Conductor Fred Ebbs organized most of the day-to-day activities and performances while William Lovegrove (a former member of the World War II Monuments Men) accompanied the group as the state department liaison. Then there was band manager and former Hawkeye Ironman Max Hawkins, 41BA, who dispensed per diem amounts of currency, arranged meals, and booked transportation by bus and train—including a jaunt on the legendary Orient Express. By all accounts, Max traveled with a small suitcase of clothes and a year's worth of cigars.
The musicians soon set about rehearsing for their European debut at the University of Coimbra. From Portugal, they moved on to give 40 concerts in Belgium, Luxembourg, Germany, Austria, Spain, and France. Everywhere it went, the band brought down the house—playing for packed venues and to rave reviews from people eager to hear an American band interpretation of classical and modern music. In between shows, the Iowans had plenty of time for exploring the sights and visiting with local university students. Although they were wide-eyed, boisterous, and impressionable, these talented musicians proved incredible ambassadors.
Recent doctoral student Larry J. Petersen, Jr., 12DMA, documented this reception extensively in his dissertation about the history of the Iowa band program, noting how Coimbra newspapers suggested the band "exuberantly proved that discipline and enthusiasm go very well together. … The value of this group [is] very significant." He also cites the favorable opinion of the U.S. ambassador to Belgium that "the band is improving the image of American university students and of Americans in general, in all countries in which it is appearing."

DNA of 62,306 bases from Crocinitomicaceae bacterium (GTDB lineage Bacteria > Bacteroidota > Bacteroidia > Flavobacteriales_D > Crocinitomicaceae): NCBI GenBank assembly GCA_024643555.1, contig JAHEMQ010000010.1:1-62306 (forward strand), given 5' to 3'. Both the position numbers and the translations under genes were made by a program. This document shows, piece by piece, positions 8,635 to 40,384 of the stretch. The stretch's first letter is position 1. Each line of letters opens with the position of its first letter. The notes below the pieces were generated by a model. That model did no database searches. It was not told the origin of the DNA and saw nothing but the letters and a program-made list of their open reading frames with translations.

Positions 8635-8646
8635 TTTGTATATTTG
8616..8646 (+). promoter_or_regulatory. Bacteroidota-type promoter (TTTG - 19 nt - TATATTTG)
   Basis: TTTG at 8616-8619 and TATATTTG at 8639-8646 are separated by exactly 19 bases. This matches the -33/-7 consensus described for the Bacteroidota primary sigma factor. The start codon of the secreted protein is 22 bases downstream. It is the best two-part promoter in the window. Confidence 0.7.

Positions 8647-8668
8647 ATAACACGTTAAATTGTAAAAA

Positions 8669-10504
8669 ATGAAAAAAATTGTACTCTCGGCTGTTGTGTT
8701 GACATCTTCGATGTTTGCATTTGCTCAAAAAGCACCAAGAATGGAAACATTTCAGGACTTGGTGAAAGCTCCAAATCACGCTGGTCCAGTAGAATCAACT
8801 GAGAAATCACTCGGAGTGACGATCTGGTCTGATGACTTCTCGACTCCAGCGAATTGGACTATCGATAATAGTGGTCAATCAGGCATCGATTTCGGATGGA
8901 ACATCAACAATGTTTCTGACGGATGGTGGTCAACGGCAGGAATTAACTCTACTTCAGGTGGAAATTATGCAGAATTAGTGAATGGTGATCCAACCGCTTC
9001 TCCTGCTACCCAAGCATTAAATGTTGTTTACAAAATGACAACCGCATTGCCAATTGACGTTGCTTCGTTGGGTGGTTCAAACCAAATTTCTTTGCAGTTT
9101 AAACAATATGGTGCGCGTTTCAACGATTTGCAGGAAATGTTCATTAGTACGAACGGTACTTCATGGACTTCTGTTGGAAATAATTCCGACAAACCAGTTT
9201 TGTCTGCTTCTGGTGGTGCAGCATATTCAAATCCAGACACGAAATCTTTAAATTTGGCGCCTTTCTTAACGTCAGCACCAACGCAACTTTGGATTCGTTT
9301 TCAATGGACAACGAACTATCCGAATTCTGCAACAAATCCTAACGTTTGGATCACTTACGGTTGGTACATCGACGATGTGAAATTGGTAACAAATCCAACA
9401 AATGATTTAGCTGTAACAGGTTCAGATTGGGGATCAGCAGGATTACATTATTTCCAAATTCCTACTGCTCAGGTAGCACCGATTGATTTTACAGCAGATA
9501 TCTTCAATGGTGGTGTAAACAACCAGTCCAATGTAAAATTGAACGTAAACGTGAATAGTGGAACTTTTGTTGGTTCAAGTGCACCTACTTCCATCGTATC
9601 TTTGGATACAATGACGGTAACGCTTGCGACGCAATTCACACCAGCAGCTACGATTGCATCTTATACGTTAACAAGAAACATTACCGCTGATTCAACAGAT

Halfway through the Europe tour, band members learned they'd be performing in the Soviet Union after all. They spent 10 glorious museumand- café days in Paris preparing for the extension to Leningrad, Kiev, Kharkov, and Moscow. In a detailed travel diary, assistant conductor Warren Hatfield, 59MA, 67PhD, marveled at the warm, enthusiastic, and appreciative Soviet audiences. They went wild with standing ovations and calls for encores.
"Of particular note was seeing tears in one older woman's eyes as we played the 'Stars and Stripes Forever,' which she had requested," Hatfield observed. "She took a medallion from her neck and gave it to one of our percussionists when we finished the march. No doubt she had deep memories of World War II and positive feelings for America."
The Russians were especially spellbound by the side jazz band that Hatfield conducted. They seemed positively hungry for this American art form, and the band played extra gigs wherever venues presented themselves. Often, conversations between the American and Soviet students would go long into the night, and Hatfield believes such exchanges contributed in some small way to the eventual thawing of the Cold War.
"Our mission to firm relationships on this tour is really accomplishing that goal. The state department is impressed," he wrote in his journal. "Today, at least, the Communist factions succumbed to the power of American band music, American jazz, and a group of talented, enthusiastic Iowans."
In those concert halls, toes tapped and heads swayed and language and political barriers fell away. What remained—and all that mattered—was the universal way music delights the heart and soul.